There is a lot of education and culture change that is occurring in communities across the country. The infrastructure is beginning to appear, but we're in the midst of a messy, fun, necessary and slow learning process where we figure out how cars and bikes should co-exist. Leaders, decision makers and community members should foster opportunities where folks can be exposed to these kinds of new ideas in a non-threatening, fun way through public safety campaigns, events and other programs.

My hope is that the police officer I spoke that morning brought this challenging situation back to his department. Questioning the status quo and encouraging open, positive dialogue where people can learn is an important part of change. Public law enforcement officers are critical allies in creating better places to bike, and helping them find their role in addressing public safety will make better communities for all of us.

Monday, September 15, 2014

On Road Again

This post has more questions than answers, as I have been wrestling with some of these issues for a while. Take some time to read them and think them over. I'm interested to hear what your thoughts are…

Bike Lanes. Multi-Use Paths. Cycletracks. I’ve thought a lot about these different kind of facilities over the last few weeks, and recent discussions with some folks in the profession have pushed me to consider the implications of each. Both have their place, but I’m interested in what you have to say, riding reader. Why do you prefer one over the other? Is your preference for one kind of facility influenced by what kind of riding you’re doing:  Shared path for running errands or recreation riding? On-road bike lane when you’re out for a group ride or training for a race? Do you mind riding next to traffic or do you prefer some space? Where would you let your 8 year son or daughter ride? What would you think about your 80 year old mother, father or friend riding on this kind of facility?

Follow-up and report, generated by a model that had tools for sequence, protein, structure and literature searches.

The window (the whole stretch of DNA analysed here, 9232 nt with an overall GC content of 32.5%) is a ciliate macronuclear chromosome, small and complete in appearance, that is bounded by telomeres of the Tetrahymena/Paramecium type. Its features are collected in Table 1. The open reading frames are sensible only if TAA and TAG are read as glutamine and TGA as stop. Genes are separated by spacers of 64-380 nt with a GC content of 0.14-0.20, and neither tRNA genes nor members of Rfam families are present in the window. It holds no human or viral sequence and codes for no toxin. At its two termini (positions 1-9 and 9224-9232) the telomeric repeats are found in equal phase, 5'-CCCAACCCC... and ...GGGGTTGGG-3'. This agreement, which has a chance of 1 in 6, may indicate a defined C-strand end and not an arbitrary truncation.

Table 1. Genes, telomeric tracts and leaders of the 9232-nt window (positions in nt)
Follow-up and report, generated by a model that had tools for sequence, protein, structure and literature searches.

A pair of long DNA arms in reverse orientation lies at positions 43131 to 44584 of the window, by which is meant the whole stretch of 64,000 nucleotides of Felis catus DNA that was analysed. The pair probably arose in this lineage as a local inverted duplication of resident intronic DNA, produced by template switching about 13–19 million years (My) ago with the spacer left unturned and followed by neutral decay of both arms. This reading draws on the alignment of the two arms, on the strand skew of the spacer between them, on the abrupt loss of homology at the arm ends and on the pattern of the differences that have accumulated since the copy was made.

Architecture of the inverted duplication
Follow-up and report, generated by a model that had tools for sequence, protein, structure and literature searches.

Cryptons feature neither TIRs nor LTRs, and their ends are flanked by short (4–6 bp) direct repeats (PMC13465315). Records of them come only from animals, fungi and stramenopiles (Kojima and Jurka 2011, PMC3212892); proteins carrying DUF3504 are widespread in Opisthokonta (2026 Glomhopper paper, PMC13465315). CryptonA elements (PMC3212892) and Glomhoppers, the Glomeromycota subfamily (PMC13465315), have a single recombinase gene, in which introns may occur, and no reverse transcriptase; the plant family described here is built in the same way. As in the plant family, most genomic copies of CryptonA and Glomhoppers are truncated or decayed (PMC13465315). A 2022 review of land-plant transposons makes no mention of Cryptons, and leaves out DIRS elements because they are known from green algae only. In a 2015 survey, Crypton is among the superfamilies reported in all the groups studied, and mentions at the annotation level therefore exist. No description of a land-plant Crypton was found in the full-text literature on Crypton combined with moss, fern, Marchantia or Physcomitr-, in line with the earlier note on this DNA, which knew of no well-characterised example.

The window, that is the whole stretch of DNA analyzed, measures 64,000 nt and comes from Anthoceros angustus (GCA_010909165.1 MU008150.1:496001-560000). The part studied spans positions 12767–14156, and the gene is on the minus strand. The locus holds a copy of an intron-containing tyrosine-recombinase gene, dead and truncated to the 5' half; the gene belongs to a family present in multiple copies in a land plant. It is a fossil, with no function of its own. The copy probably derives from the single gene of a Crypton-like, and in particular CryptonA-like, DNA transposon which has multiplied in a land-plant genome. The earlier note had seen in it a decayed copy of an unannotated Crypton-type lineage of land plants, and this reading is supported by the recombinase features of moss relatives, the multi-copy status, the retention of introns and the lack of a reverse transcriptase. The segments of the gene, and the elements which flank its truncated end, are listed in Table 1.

On-road bike lanes are less expensive and improve the existing conditions for willing. However, the speed, volume and proximity of the vehicular traffic can really influence a rider’s feeling of safety or comfortability. How would you feel riding right next to traffic on Greenville’s Wooddruff Road? What are your thoughts about the bike lanes in the photo below?

Bike lanes in a sea of pavement. Would separated lanes have been better?
But how to accommodate the driveways?

Separated facilities, whether they are paths or bike lanes, have been shown to improve safety and are places where more folks feel comfortable riding. They are more expensive, typically take more time to install and can require a significant reworking of the existing landscape. However, the Swamp Rabbit Trail, the most recent and well known example of this kind of facility, has been one of the most significant improvements in the region.
Swamp Rabbit Trail Users of all ages and abilities.
(Photo Credit:  Upstate Forever)

Part of a community’s responsibility is to develop facilities that folks will use. Over the last several years, as I have seen significant bicycle facility improvements in communities across the upstate, I wonder if we are doing the right thing. Are on-road bike lanes enough and will they provide the best facility for all riders? Or are we just doing the easy, convenient thing to say that we are bicycle-friendly? What more would it cost to build something that would address the folks who are “interested, but concerned” on two wheels? I then turn to consider the needs of the racing, spandex-clad crowd. What kind of facilities are preferred by a majority of this population? Is there a difference between men and women, experienced and novices?

There are some questions I've been mulling over. I wanted to get them out there, and I'm really interested in what you have to say. No matter how long you've been riding or what kind of rider you are, I'd really like to hear your thoughts on your preferences.

Sunday, September 7, 2014

Power, Ordinary People and Bikes (A TED Talk)

Okay, that's not really the TED Talk title...but it could be.  There's an important lesson I'd like to draw your attention to as it relates to creating a better biking culture in your home town.

I recently watched a talk that I thought was particularly compelling as it relates to advocating for community improvements, including better biking infrastructure: bike lanes, paths, more parking, etc. "Why ordinary people need to understand power" is a talk by Eric Lui that I think you should watch. It's worth your time, especially if you're looking for inspiration or not sure how or where to get started in creating effective change in your community.